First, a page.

The welcome news comes that Karen De Coster is publishing a book.
A mutual friend, author Rob Stove, has offered Karen some advice and posted it on her heavily trafficked Facebook Wall.
I counseled differently:
“As someone who has done every bit of heavy lifting for my last book—quite successfully, I might add—I have to disagree somewhat with Rob (who advises writing for prestigious publications on the topic, first).
The traditional, stuffy, staid publishing world is dying (yippee). I read the once-brave TLS. All new writers have to be (it would appear) people of color and/or those with no Y chromosome. The only writing worth reading vis-a-vis these new writers is the superb writing by the TLS’s increasingly PC reviewers (who try to be kind to the pig-ignorant, boring, PC writers they have to review).
In any case, you sell books from a platform. Mine was developed over almost 15 years as a weekly columnist.
Karen De Coster writes for a very large site, LRC, with a dedicated, niche readership. She manages social media with skill and has thousands of FB friends (whom she will have to instruct to “Like” her book and display it on their FB pages, if they want to keep her FB company. Here is my Facebook Friendship Policy).
That’s the future of publishing. Who cares if some pompous scribe in a dying publication (check its Alexa rank for stage of rigor) gives one a good review? Rob Stove—he edited The Cannibal; hire a good editor. We all need one—was mentioned by the New Yorker, and other prestigious publications. To this not all of us can aspire. However, were Rob to write a book about politics or culture, he would have to forget about future mention.
Back to my point: Karen can sell lots of books if she publishes the book herself (How much would you rather earn? 17%-50% royalties or 100%, all the more so when you, the writer, do all the work). She can go the CreateSpace route or with her own label. She then uses her platform on LRC to sell to an already interested audience. She also promotes her book on Facebook, via ads and by requiring all friends to “Like” and display book on their Fav. page. Even big names are publishing their own books (see David Frum’s new book. I followed it from CNN).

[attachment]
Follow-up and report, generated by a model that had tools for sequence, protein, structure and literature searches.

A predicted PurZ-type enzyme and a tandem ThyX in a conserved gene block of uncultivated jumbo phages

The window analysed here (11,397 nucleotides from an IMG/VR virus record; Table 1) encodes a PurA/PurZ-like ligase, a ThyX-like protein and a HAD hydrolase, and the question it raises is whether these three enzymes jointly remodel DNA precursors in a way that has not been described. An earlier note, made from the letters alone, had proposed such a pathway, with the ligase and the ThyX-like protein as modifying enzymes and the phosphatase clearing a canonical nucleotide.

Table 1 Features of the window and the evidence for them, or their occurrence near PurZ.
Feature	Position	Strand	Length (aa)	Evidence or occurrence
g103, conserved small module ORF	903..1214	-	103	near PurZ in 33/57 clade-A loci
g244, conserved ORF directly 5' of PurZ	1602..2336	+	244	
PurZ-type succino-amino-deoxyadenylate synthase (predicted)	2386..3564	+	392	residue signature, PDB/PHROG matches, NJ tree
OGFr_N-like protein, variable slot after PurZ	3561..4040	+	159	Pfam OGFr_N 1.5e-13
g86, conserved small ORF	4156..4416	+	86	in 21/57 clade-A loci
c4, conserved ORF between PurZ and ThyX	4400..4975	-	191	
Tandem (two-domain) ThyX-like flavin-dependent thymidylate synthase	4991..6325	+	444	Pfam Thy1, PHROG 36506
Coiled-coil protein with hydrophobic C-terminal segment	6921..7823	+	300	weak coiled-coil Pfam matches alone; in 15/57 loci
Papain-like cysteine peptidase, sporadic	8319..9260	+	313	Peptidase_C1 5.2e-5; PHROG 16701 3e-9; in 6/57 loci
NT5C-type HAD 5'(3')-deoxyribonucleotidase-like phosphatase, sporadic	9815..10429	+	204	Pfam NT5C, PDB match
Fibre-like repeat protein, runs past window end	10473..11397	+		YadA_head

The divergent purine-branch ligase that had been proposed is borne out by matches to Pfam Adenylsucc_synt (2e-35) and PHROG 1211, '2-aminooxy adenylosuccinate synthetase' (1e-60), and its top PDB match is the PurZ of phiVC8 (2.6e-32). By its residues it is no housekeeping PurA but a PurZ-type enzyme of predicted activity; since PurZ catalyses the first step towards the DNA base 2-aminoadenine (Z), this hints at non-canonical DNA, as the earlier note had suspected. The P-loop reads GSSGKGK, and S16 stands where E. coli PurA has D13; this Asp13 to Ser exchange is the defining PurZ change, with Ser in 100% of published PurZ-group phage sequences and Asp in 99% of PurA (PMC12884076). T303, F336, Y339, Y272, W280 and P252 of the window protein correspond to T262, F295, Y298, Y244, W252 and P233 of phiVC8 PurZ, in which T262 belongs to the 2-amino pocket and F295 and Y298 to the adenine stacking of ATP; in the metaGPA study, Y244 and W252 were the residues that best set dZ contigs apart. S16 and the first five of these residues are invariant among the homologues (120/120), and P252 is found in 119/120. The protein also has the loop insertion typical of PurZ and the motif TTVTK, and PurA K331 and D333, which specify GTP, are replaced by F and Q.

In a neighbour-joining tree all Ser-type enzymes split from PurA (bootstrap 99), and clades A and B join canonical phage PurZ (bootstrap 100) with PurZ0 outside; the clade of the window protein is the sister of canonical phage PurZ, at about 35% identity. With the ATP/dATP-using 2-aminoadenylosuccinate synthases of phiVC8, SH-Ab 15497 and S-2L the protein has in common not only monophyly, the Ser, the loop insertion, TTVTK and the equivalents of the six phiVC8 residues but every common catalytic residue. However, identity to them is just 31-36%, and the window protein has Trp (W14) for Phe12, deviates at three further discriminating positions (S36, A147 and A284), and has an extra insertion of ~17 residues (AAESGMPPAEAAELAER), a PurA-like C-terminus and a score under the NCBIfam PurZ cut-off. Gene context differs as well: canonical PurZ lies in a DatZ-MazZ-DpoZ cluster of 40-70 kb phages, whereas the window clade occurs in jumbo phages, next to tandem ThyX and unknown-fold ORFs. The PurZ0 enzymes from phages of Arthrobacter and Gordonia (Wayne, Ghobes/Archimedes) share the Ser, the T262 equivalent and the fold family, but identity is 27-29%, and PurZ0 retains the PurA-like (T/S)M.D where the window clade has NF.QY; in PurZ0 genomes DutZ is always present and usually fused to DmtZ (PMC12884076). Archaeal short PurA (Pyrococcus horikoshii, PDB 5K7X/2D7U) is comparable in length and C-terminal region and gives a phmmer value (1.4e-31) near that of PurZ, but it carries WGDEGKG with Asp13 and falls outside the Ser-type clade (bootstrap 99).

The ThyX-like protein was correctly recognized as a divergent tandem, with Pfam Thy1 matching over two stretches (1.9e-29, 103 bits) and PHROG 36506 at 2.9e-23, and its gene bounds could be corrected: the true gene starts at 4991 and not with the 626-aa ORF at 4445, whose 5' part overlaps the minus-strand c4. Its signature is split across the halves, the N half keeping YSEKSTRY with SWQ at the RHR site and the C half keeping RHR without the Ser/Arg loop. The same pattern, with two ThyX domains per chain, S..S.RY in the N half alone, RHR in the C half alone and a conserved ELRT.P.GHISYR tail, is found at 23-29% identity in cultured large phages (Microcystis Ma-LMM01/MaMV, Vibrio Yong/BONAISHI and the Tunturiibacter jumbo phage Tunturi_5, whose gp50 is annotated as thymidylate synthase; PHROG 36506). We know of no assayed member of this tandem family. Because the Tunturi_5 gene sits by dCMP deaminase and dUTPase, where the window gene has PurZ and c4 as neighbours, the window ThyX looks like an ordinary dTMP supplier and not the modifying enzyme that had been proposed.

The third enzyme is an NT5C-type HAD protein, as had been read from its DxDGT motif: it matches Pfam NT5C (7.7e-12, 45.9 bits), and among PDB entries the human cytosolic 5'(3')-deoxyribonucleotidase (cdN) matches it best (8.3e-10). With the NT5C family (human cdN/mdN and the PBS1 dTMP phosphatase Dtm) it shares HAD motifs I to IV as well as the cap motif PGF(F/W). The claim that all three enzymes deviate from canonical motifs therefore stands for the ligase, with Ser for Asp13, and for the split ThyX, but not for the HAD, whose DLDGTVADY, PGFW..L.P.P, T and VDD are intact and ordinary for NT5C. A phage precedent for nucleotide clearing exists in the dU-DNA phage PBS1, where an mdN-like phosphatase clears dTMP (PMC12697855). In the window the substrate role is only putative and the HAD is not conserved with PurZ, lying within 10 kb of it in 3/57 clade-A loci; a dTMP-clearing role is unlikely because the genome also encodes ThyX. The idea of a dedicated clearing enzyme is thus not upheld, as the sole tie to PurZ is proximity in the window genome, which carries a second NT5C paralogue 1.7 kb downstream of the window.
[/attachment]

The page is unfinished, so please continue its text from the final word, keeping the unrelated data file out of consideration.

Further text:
A small publisher does nothing for a writer except deplete him/her. There are a handful of large publishers worth considering for the TV PR they can generate. This writer (me) manages every aspect of the project—social media, fan page and website designs (I pay the attendant bills too, so…), Amazon page management, all writing, limited PR, etc. That’s the route to getting books read by the public in the age of the Internet (without which the true rebels would be destined for obscurity). Books published by smaller, if respectable, publishers are like the proverbial tree felled in a faraway wood. Almost no one reads them. (Check their profile on Amazon. You’ll see.)
For example, “The Arab Spring: The End of Postcolonialism” is written by a man with the “right” kind of name (non-English/non-Western): Hamid Dabashi. It was published on June 5, 2012 by Zed Books, a print that met the Times Literary Review’s standards.
It’s Amazon rank: #1,614,336 in Books. If you are new to book marketing, that’s abysmal.
(Btw, if you don’t market on Amazon, you’re retarded.)
On the bright side, by the number of reviews “The Arab Spring” got, we can tell that at least one person has read what Dabashi has to say. Conversely, and pessimistically, “0 of 1 people found the following review helpful.” In other words, so far, nobody gives a tinker’s toss what Dabashi’s single reviewer had to say about Dabashi’s latest work.
UPDATE I (10/30): Here’s another TLS “winner,” published (November 1, 2011) by Encounter (who refused the well-motivated proposal that became The Cannibal).
In Money In A Free Society, Tom Congdon touts every form of macroeconomic statism. His approving TLS reviewer mentions the “Austerians” (very bad) but says nothing about the Austrians.
Amazon ranks Money In A Free Society at #560,109 in Books. Zero reviews. Who pays these people?
UPDATE II (Nov. 3): HIRE YOUR OWN PR.
Unless you can get a book deal with one of the major big publishers (try), publish yourself. You’ll be smacking yourself if you don’t. To repeat: 15% royalties (standard industry fare) vs. 100%? Case closed. All the more so since small publishers do nothing for you. Unless your publisher is prepared to invest a few thousand for a few weeks of TV and media blitz. However, you could buy such PR yourself privately. Why hand over your money to a 2nd party to hire a 3rd? If you control the purse strings (as disposable income dictates), hire PR directly, to get on the main shows.
Want to have a frothy a day? Go with a small publisher. They suck. These are dominated by errant youth (or hippie elders who defer to such youth), who don’t have a work ethic or a brain cell to rub between them. No one has taught America’s young how to work professionally; how to conduct themselves with respect to author and contract and execute duties properly: If you want them done to standards, you’ll be inputting info and updating your Amazon page and other Internet displays of your product.
Individuals such as Karen are coming from an accounting career. They work alongside people who have serious degrees. The writing profession, on the other hand, is dominated by individuals who are repositories for postmodern education and values (even when they are libertarian). Don’t go there, unless it’s with a powerful, large publisher.